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Managing Videos on Android

Grey Skold | Android Video Product

Video launched on the Pinterest Android app in 2016 with the goal of bringing a seamless video experience to the app. This included the ability to support multiple videos per screen, while dynamically controlling their playback state by automatically pausing them when they’ve scrolled offscreen, or controlling the number of videos allowed to play simultaneously.

We soon discovered there were many technical challenges we needed to address, such as:

  • Managing the playback state of all currently available videos
  • Knowing a video’s on-screen visibility percentage
  • Providing our developers an easy-to-use video component

Over time we’ve gradually reworked our video architecture to tackle these requirements, and below we’ll dive into how we handled these challenges in our latest video module.

The Video Manager

At a high level, we needed to build a component that would be aware of all video instances (i.e. Views) as well as their related surfaces (i.e. Fragments) available on-screen. Managing the surfaces is critical for monitoring the lifecycle states (i.e. onStart() etc.) that will be applied to the surface’s children, and avoids adding excessive code on the consumer-layer to apply the latest state changes to the Views.

For tracking these key lifecycle events, the Android framework provides us the current state of both the content being shown on-screen, as well as any changes visually affecting our app. The key lifecycle events we listen for are the UI attachment calls (e.g. onAttachedToWindow()) as well as when our host screen changes its display state (e.g. onPause() etc.).

With these callback methods, we attempted to register any videos that have been provided a valid video URL. This will give us our initial list of videos available within our current surface.

In the first iteration of our video framework, we relied on the client code invoking these calls themselves, but as we found this to be unscalable, as it added more complexity when building video features. Instead, we abstracted away the callbacks for registering a video behind the VideoManager by building methods that required the underlying video component to be passed in. From there, the VideoManager would make appropriate calculations behind the scenes. This eliminated the need for consumers to already have predefined knowledge of the video registration process, as it now just worked “out-of-the-box”.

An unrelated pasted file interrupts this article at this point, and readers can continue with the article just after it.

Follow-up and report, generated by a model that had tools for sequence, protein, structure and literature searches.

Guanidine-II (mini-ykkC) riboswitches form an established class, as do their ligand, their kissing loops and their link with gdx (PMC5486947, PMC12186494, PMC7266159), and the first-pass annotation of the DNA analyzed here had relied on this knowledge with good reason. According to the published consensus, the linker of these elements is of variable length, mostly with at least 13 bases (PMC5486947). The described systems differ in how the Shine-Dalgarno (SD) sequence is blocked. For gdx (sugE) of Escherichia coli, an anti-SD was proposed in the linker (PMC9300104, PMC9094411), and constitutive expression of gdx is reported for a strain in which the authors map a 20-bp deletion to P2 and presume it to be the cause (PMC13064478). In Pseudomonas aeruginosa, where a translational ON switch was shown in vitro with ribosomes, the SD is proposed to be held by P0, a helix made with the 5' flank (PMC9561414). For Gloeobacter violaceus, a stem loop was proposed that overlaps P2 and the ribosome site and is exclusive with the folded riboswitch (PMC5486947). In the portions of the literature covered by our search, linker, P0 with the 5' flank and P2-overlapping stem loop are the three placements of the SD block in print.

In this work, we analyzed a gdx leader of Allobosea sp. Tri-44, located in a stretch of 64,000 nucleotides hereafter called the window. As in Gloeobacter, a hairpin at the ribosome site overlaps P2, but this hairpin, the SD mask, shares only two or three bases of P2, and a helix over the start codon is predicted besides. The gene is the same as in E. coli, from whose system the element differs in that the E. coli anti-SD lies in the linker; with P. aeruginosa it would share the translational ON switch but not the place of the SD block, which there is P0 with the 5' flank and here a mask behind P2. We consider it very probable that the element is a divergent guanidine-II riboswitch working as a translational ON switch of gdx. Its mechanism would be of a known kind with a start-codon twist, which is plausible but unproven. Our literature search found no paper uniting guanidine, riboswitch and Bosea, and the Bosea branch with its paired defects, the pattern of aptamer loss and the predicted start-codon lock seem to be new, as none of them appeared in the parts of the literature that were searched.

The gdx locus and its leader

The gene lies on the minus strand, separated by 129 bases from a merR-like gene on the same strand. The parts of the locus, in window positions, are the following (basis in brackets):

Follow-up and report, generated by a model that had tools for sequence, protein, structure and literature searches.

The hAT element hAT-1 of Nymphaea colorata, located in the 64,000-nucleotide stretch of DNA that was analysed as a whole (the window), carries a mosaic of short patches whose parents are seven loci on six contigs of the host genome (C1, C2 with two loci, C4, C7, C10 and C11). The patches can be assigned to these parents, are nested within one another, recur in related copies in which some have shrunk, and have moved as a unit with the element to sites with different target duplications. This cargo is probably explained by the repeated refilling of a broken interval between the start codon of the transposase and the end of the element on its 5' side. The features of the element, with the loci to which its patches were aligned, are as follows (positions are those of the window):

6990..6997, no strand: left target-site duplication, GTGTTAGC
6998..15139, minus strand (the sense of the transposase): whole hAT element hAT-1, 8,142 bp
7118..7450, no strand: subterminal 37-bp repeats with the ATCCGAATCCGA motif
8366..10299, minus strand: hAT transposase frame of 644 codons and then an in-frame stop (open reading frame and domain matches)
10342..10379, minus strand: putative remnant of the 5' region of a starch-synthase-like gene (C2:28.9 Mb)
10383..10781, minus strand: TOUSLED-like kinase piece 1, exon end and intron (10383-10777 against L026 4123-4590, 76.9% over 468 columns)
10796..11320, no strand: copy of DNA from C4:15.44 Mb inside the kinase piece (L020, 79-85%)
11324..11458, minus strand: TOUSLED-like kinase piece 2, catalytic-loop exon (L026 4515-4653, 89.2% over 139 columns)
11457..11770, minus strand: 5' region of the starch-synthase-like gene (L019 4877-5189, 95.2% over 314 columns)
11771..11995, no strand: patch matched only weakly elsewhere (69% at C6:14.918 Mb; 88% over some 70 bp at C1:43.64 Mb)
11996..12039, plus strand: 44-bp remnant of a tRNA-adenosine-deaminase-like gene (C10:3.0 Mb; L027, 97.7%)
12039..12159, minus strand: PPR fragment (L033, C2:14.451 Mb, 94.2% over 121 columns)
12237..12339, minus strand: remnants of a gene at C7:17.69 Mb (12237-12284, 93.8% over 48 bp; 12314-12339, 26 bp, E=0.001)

Before

// FooBarFragment.class for FooBar feature
override fun onResume() {
     super.onResume()
     // Required by consumers to implement
     videoView?.apply {
          viewability = Viewability.FullyVisible
          onActivate()
          onViewCompletelyVisible()
     }
}
override fun onPause() {
     // Required by consumers to implement
     videoView?.apply {
          viewability = Viewability.NotVisible
          onDeactivate()
     }
     super.onPause()
}

After

// BaseFragment.class implemented by all screens
override fun onResume() {
     super.onResume()
     videoManager.onResume(this)
}
override fun onPause() {
     videoManager.onPause(this)
     super.onPause()
}
// VideoManager.class internally
override fun onResume(videoSurface: VideoViewSurface) {
     videoSurface.videoViews.forEach {
          registerVideo(it)
     }
}
override fun onPause(videoSurface: VideoViewSurface) {
     videoSurface.videoViews.forEach {
          unregisterVideo(it)
     }
}

Holding onto this list of videos gave us the ability to dynamically set the playback state based on the current visibility of our app. This also provided the flexibility to dynamically change other functionality based on certain metadata properties passed in upon video registration.

For example, we may want all video ads to autoplay, but limit to having only 1 organic video (i.e. Creator generated content) autoplaying on the same surface. By checking the metadata registered on an individual video, we can apply these limitations onto the UI-layer.